Saturday, March 04, 2006
When you can't earn an MBA
A friend forwarded me this interesting e-book on the potential (lack of) value of an MBA, written by an Indian entrepreneur.
Disclaimer: as a matter of fact, I do have an MBA from a good school that I am quite happy to have earned. I'd like to think that I have, in fact, learnt something at b-school and my MBA has also opened up many doors for me that otherwise would have remined closed. Funny enough, I am making less money post-MBA than I made pre-MBA, but I absolutely love my post-MBA job. However, this book presents an interesting counterargument, one that I have seen many potential b-school applicants think about in some form.
My personal take on the MBA : if you are passionate about business, economics, strategy and leadership (as I am), you can't go wrong with a top MBA. However, if you see the MBA just as an escape hatch that takes you from being a code monkey at tech shop and land you a spreadsheet monkey job at an I-bank or become a consultant droid, you would most likely miss out on what could potentially be the most rewarding and enriching educational experience of your life. I *loved* each and every moment I spent at b-school. Just pick a school that in non-parochial and attracts smart people from around the world.
Bottomline: As Steve Jobs says, you gotta find what you love. Some of us find it at b-school. Others don't. How much your MBA means to you would most likely depend upon which of these two categories you fall under.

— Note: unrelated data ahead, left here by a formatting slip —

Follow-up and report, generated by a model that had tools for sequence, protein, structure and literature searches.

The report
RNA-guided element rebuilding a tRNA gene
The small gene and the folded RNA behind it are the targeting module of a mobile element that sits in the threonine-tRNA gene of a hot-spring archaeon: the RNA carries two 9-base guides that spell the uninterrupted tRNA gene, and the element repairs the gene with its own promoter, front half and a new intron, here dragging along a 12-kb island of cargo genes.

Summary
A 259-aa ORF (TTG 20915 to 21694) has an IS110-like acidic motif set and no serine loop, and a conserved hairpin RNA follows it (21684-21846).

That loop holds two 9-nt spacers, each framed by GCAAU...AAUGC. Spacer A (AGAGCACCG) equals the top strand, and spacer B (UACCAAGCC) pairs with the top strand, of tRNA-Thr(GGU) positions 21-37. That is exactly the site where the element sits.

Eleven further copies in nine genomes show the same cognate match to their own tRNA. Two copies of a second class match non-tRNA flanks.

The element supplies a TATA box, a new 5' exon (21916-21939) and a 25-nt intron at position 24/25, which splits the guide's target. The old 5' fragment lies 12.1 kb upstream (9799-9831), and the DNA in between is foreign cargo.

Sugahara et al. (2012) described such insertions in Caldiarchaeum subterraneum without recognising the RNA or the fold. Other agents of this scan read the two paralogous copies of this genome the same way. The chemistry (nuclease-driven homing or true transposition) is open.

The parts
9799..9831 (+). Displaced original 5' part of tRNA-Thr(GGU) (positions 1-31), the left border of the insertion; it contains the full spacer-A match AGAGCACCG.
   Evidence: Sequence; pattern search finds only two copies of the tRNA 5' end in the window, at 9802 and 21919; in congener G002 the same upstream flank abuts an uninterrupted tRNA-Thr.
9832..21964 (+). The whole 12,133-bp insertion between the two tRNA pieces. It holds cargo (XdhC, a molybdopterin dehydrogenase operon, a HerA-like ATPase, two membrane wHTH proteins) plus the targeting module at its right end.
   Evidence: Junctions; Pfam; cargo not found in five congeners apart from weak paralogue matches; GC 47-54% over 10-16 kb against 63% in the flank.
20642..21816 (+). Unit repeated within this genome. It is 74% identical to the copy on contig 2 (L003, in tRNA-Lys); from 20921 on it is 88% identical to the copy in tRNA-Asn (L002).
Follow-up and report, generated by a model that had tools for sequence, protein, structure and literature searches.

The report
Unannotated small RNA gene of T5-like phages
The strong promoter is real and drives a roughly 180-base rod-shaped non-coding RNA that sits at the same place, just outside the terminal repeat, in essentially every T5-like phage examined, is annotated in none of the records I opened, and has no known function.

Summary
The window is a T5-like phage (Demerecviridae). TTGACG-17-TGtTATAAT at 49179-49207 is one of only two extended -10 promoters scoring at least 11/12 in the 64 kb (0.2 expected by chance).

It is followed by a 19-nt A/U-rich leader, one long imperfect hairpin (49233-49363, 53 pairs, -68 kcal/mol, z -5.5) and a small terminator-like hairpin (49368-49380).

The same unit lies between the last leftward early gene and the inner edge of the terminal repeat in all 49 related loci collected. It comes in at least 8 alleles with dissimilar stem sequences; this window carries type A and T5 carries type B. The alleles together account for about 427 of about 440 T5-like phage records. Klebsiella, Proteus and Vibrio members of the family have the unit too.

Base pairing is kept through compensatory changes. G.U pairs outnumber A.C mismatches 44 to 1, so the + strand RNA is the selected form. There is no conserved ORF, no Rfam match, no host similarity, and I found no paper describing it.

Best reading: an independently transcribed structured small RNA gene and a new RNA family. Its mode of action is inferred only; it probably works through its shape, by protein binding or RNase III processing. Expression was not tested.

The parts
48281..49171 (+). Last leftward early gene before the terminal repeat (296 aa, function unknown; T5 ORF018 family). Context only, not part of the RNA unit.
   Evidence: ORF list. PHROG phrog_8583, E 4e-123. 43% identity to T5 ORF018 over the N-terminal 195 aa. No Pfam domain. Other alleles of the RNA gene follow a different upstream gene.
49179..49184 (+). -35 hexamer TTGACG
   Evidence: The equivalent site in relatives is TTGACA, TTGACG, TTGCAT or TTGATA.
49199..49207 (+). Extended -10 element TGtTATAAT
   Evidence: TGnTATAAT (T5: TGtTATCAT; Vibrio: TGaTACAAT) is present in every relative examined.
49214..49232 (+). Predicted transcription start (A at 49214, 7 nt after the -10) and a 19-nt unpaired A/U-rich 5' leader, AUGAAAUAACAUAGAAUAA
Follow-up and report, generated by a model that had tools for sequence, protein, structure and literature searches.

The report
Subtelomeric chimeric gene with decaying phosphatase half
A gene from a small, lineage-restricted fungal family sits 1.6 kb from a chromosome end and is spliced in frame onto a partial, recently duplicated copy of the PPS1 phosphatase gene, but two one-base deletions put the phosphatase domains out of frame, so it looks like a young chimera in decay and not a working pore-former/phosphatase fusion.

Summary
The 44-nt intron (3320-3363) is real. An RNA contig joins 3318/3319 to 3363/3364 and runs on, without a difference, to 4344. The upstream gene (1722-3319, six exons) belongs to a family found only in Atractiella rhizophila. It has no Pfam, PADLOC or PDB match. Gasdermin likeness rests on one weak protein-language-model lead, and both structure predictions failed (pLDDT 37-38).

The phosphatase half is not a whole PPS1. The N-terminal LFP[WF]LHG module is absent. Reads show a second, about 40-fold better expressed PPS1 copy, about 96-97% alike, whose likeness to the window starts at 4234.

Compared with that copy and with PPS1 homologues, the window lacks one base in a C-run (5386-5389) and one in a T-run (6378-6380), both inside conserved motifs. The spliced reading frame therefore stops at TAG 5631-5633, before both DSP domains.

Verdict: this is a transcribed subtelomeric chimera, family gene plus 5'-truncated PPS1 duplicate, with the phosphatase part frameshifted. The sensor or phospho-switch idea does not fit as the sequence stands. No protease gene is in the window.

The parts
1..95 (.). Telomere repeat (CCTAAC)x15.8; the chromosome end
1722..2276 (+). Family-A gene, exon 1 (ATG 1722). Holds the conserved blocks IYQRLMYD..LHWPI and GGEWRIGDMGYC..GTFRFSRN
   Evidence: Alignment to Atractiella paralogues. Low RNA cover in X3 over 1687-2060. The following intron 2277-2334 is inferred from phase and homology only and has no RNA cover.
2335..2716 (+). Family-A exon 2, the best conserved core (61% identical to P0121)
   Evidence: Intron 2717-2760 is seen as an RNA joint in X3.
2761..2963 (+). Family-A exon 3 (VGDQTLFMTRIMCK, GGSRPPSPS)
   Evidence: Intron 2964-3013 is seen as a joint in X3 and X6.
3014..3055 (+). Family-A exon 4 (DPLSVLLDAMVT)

I bet the book is right.
I too have an MBA from a name brand school, and I couldn't agree more with your post. I also wonder when the bottom is going to fall out of the current value of an MBA. It has opened doors for me too that would otherwise remain closes, but I don't really know why. It's creativity and ability to make structure in ambiguous environments through critical thinking that's helped me most in my jobs. It's my History undergrad that helps me tell a story from data, more than my MBA where I learned T accounts and NPV.
I too loved the experience and feel I got much out of it because I love what I do and I really love the academic experience. I think an MBA can accelerate you in whatever direction you're heading anyway, which is some cases isn't so good.
I have a master�s (not an MBA) from one of the best schools in the US.
I try not to think about this too often, but it its sort of relevant: If I had taken the money I had spent on my masters (it was pretty much all my money, no student loans), kept my job, and bought a house I would have roughly $350,000 more today than I do now (tuition, books, lost income, property appreciation in the area I would have bought). And this isn't just a pie-in-the-sky "if," it was an option I seriously weighed.
Now as the housing market levels, if I would take my profits and just simply drop them into some conservative bonds for the next 10 years I should come out with roughly $500k.
Include some moderate savings from working the daily grind and consistent 401k matched contributions and we are now talking about $750k--and I would be thinking about retiring long before my 45th birthday.
Will my master�s degree give me $750k return? Not bloody likely. And every year I learn more, and every year the world changes a bit more, that degree becomes even less relevant.